This week’s Blog concerns a recent a tribunal decision which raises questions about how HMRC prepares cases to be heard at the tax tribunals and the decision may well have a wider impact on other cases.
How it started…
The case was: Mohammed Ashraf v HMRC and the initial enquiry focused on Zonehead Ltd, a company owned by its director Mr. Ashraf. The initial enquiry was prompted by a discrepancy with the VAT repayment claims of Zonehead, when it was noticed that the company’s VAT claims were not matched by forms C79, a form which is issued to an importer when they pay customs duty and import VAT.
HMRC’s civil fraud team’s inspector, a Mr Shaw, headed the enquiry and due to the nature of the discrepancy, the enquiry was opened under Code of Practice 9 which is used where HMRC suspect fraud. The taxpayer agreed to co-operate but did not make any admission of guilt.
Spotlight on the director
Shaw decided to focus his effort on the taxpayer’s personal affairs and requested Ashraf’s personal bank statements. An income and expenditure schedule was produced by HMRC which indicated a shortfall of approximately £258,000. This shortfall resulted in assessments being issued, plus penalties were applied.
So far so good, you might say. A fairly standard approach by HMRC and it was certainly valid for the inspector to query the shortfall in such a manner. However, this is where it seems the investigation ended. Specifically, no “source” was found for the £258,000, which HMRC had declared to be taxable income, as it issued tax assessments on that “income” under schedule 687 of the relevant act.
Mitchell & Edon v Ross (HMRC)
In this case, the presiding judge, Lord Radcliffe stated, “Before you can assess a profit to tax you must be sure that you have properly identified its source according to the correct Schedule: but, once you have done that, it is obligatory that it should be charged, if at all, under that Schedule and strictly in accordance with the Rules that are there laid down for assessments under it.”
The judge also said, “The UK has two important principles limiting the scope of Income Tax, these are ‘Capital is not income’ and ‘Source’. For an item to be charged to Income Tax it must have an identifiable source.”
In the Ashraf case, HMRC submitted that the amount defined solely by the income/expenditure account it produced, was taxable as “miscellaneous income”.
Tax tribunal decision
The tribunal judge quoted Lord Radcliffe when giving his decision that, “HMRC failed to follow the Mitchell & Edon v Ross judgement and it is clear that schedule 687 does not apply, HMRC’s submission is simply wrong, therefore, all charges against the appellant are dismissed and the penalties are to be removed in full.”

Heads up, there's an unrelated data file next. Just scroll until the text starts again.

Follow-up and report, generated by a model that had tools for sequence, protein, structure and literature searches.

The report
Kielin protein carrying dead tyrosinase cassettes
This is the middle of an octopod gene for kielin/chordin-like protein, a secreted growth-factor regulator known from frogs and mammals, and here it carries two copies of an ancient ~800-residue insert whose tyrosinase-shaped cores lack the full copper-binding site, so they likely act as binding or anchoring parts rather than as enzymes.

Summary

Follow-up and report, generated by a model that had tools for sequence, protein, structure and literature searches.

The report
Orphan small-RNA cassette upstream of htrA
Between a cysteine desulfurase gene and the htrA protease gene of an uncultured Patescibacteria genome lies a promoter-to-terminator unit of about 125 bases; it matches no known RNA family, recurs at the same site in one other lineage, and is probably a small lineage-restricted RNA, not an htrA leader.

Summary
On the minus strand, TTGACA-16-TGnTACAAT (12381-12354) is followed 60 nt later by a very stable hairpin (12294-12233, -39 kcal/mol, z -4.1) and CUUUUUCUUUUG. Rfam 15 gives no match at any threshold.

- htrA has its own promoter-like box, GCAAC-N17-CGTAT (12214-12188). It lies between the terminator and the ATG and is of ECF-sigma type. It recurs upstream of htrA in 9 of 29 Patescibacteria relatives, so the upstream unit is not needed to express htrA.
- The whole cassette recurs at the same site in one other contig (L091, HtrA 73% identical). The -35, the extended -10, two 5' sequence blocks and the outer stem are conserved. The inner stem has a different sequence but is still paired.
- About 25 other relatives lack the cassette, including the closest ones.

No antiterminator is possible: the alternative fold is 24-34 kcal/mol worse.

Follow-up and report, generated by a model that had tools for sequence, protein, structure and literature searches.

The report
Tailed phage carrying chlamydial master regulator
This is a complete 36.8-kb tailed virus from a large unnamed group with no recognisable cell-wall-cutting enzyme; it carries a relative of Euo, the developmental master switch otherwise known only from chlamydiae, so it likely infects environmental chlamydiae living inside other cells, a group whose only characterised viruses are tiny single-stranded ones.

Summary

What went wrong?
HMRC’s opening of the enquiry cannot be faulted, as it is only right that when such discrepancies arise that the authorities investigate the matter. However, HMRC in its haste to ‘win’ the case had not undertaken the basic steps necessary to establish the source of the £258k and whether or not it was taxable, they just assumed that it was.
To my mind, it is particularly concerning that despite no source, or potential source, being named, HMRC was still seeking to tax an amount of money which existed only within an income and expenditure list produced by them. HMRC fully agreed it hadn’t found a source of income, even when prompted to offer a suggestion by the tribunal. This is effectively the same as stating: “there is money in your bank account and despite no evidence, we are going to state that it is taxable income”. Echoes of Big Brother methinks!
This case is a timely reminder that if a person is found to have plenty of money in his or her bank account, this does not automatically mean they have committed tax fraud. Otherwise, it will only lead to a situation where, as the late great comedian Ken Dodd would surely agree, individuals will be wary of banking their wealth.
If you would like more detailed information on some aspect of UK Tax, send me an e-mail and I’ll be pleased to advise further.